10. University of San Diego
Quick fact: The philosophy of USD’s founder was that studying in beautiful surroundings could improve the educational experience of students. So, the university’s buildings were designed in a 16th-century Spanish Renaissance architectural style, paying homage to both San Diego’s Catholic heritage and the Universidad de Alcalá in Spain.
11. Ohio University – Athens
Quick fact: Ohio University is designed around College Green, the central campus quadrangle lawn which saw the first college buildings built in the former Northwest Territory.
12. College of the Holy Cross
Quick fact: Holy Cross’ campus, a registered arboretum, has won national awards for its landscaping.
13. University of Mississippi
Quick fact: Unrelated to campus beauty, but an interesting fact, with the outbreak of the Civil War in 1861, classes were interrupted when the entire student body and many faculty from Ole Miss enlisted in the Confederate army.
14. University of Richmond
Quick fact: The university has, with few exceptions, remained true to the original architectural plans for the campus — red brick buildings in a collegiate gothic style set around shared open lawns.
15. Rhodes College
Quick fact: Rhodes College campus’s design is notable for its stone Gothic architecture buildings, thirteen of which are currently listed on the National Register of Historic Places.
Have you visited any campuses that you thought were noteworthy in architecture or natural beauty?
Do you write a weekly column for your school newspaper? Do you look forward to a little time alone so you can just put pen to paper and get your ideas out? Do you find yourself jotting down real life moments or things people say so that you can use it in a future story? Well, then you might just be an aspiring writer. And if you are, the only way to become a better writer is to write. And write. And write. And write. And write–especially in an environment where you’re encouraged to do your best work and get the feedback you need from your peers and mentors.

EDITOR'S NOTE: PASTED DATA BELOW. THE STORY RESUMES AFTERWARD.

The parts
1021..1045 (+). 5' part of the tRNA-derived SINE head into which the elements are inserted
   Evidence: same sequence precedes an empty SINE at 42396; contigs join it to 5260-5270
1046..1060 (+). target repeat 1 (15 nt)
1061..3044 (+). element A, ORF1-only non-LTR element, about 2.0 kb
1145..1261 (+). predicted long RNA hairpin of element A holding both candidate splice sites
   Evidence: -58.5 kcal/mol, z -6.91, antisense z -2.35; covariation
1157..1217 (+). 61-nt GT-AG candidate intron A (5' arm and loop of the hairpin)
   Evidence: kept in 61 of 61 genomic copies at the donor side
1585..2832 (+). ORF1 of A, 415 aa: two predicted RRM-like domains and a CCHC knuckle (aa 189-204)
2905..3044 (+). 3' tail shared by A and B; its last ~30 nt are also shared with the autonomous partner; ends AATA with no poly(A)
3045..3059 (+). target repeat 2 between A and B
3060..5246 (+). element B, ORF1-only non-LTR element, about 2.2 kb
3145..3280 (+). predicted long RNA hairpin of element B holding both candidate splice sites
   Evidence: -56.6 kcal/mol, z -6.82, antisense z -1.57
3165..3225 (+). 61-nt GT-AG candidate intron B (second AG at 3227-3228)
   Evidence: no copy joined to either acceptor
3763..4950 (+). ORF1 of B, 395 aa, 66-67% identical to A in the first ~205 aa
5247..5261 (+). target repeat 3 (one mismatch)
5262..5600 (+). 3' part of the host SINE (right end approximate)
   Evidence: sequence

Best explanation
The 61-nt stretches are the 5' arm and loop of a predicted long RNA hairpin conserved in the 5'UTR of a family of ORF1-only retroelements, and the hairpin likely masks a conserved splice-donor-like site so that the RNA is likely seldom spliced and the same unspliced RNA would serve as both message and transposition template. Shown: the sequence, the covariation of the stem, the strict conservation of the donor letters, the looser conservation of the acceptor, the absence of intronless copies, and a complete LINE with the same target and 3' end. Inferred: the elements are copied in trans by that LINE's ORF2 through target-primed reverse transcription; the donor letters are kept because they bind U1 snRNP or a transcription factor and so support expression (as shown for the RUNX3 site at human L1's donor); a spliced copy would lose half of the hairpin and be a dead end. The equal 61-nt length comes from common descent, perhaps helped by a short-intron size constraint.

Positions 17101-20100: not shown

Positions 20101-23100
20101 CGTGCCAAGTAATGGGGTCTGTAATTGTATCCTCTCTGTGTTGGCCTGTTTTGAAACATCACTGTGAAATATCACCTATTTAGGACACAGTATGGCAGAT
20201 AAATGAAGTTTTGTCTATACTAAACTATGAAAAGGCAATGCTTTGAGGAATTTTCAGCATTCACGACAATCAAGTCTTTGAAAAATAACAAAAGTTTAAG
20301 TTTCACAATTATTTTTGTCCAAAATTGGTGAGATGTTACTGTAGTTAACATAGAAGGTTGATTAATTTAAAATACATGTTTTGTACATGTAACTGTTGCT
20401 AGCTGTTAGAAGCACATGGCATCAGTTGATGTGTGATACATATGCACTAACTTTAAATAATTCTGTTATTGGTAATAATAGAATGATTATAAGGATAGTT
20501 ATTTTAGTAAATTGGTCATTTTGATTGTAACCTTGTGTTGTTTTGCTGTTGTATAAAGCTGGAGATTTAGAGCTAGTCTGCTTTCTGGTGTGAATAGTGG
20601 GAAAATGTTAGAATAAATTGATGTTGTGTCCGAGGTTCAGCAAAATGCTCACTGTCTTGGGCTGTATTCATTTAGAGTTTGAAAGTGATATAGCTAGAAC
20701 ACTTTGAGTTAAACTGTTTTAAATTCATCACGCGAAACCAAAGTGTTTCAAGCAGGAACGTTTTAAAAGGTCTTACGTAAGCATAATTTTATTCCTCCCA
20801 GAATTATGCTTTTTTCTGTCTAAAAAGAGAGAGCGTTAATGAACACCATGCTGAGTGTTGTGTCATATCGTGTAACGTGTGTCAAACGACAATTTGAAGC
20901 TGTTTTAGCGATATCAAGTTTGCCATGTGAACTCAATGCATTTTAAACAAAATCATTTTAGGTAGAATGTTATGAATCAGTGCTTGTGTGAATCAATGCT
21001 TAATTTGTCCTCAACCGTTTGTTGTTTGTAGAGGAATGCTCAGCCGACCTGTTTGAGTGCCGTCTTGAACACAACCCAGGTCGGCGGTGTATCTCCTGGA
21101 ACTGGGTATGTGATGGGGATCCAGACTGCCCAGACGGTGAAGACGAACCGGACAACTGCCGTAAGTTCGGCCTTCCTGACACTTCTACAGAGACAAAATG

Such places do exist. It’s just about finding them. And whether you’re in college now or heading there in the fall, your college may just have a great creative writing undergraduate program. While some colleges have separate creative writing majors, others may have creative writing concentrations within their English major. Finding the
write right undergraduate creative writing program for you is all about researching the professors and instructors who teach the classes, being familiar with their work or teaching style, and understanding what kind of work you’ll be doing. Will you be able to concentrate on what you want to spend the most time on, whether that be poetry, fiction, non-fiction, playwriting, etc.?
Whatever it is you want to pursue, here are 10 colleges, that, according to CollegeDegree.com are the 10 best colleges for creative undergraduate writers:
1. Emory University
Location: Atlanta, Georgia
Notable alum: Pulitzer Prize winning writer C. Vann Woodward, author of The Strange Career of Jim Crow.
2. Hamilton College
Location: Clinton, New York
Notable alumni: Poet Ezra Pound; novelists Terry Brooks, Kamila Shamsie, and Peter Cameron; playwright Richard Nelson; actor and writer for The Office Paul Lieberstein; and Academy Award-winning screenwriter of The Descendants, Nat Faxon.
3. Johns Hopkins University
Location: Baltimore, Maryland
Notable alumni: Feminist author Gertrude Stein, novelist Porochista Khakpour, poet Michael Dumanis, and film director Wes Craven.
4. Massachusetts Institute of Technology
Location: Cambridge, Massachusetts
Notable alumni: Author of Dr. Dolittle series Hugh Lofting and New York Times columnist Paul Krugman.
5. New York University
Location: New York, New York
Notable alumni: Founder of MAD magazine William Gaines, Danielle Steel,Joseph Heller, and J.D. Salinger.
6. Washington University in St. Louis
Location: St. Louis, Missouri
Notable alumni: Harold Ramis, and playwrights Edward Shepherd Mead and Tennessee Williams.
7. University of Iowa
Location: Iowa City, Iowa
Notable alumni: David Morrell, author, famous for creating the character of John Rambo and Robie Macauley, novelist and editor of Playboy.
Location: New York, New York
Notable alumni: Upton Sinclair and Hunter S. Thompson.
9. University of Michigan
Location: Ann Arbor, Michigan
Notable alumni: Famous playwright Arthur Miller, author Susan Orlean, Cathy Guisewite author, creator of Cathy comic strip.
10. Colorado College
Location: Colorado Spring, Colorado
Notable alum: Timothy J. Sexton and executive producer and writer for the TV shows ER and Law & Order SVU Neal Baer.